Alternative metrics or altmetrics count the number of views, number of downloads, social media “likes” and recommendations associated with a dataset. Because of their immediacy, altmetrics can be an early indicator of the impact or reach of a dataset; long before formal citation metrics can be assessed.”
Do you think altmetrics for data have value in academic settings? Why?
Altmetrics measure popularity, which is not necessarily the same as “impact” for research. Sometimes a research article will gain a lot of attention outside academic circles. A mainstream newspaper or website may write about it if it’s something likely to capture the interest of the general public. But this is more likely to happen to articles that are controversial, so it doesn’t necessarily measure their impact or importance in the research literature.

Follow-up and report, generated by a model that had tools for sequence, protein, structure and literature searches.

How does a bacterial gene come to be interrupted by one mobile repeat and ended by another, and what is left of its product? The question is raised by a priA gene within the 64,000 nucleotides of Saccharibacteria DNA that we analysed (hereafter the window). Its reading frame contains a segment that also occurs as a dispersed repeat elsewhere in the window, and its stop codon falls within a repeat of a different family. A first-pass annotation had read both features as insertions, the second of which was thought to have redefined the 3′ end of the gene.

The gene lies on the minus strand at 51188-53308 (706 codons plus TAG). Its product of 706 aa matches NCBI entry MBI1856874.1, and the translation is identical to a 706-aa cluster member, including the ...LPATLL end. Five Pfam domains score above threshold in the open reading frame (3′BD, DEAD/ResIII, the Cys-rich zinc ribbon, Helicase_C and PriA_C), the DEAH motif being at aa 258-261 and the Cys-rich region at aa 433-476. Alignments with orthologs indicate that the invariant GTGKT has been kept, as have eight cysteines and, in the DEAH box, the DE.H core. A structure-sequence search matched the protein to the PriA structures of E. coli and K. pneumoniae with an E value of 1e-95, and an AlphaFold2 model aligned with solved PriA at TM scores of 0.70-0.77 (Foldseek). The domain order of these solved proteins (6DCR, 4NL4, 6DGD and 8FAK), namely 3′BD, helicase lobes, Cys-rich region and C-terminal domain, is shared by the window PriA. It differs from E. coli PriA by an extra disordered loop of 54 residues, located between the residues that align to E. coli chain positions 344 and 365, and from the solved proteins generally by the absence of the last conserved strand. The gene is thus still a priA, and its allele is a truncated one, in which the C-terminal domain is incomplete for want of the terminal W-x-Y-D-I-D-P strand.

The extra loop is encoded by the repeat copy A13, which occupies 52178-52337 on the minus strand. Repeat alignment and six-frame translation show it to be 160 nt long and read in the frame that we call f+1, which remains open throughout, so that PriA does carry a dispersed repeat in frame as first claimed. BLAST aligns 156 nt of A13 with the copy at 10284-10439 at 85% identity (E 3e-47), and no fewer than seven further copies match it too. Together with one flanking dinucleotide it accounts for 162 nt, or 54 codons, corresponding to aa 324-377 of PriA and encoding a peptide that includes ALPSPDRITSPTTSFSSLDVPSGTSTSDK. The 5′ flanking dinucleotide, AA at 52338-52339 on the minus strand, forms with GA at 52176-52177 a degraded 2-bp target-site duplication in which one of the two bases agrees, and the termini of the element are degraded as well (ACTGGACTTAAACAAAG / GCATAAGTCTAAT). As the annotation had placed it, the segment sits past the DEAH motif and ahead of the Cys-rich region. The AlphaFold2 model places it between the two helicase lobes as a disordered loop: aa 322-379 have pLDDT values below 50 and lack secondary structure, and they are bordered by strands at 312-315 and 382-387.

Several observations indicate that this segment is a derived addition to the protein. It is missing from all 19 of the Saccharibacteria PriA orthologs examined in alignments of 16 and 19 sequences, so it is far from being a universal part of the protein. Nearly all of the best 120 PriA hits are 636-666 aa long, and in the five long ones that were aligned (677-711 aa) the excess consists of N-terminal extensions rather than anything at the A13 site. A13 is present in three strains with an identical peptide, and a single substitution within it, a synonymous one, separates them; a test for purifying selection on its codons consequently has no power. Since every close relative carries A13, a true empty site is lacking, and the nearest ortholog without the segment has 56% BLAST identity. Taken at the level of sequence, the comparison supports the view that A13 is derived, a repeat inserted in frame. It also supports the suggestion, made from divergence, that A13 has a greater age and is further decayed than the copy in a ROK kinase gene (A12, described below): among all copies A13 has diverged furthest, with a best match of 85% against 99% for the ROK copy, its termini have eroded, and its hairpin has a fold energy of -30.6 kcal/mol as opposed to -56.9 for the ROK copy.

However, it’s still a valuable thing to measure, especially for data. Altmetrics are a good match for data sharing in open access repositories and online because they measure web-based engagement. In the current research climate there are very important interactions taking place on social media, and these shouldn’t be ignored or dismissed as something flippant.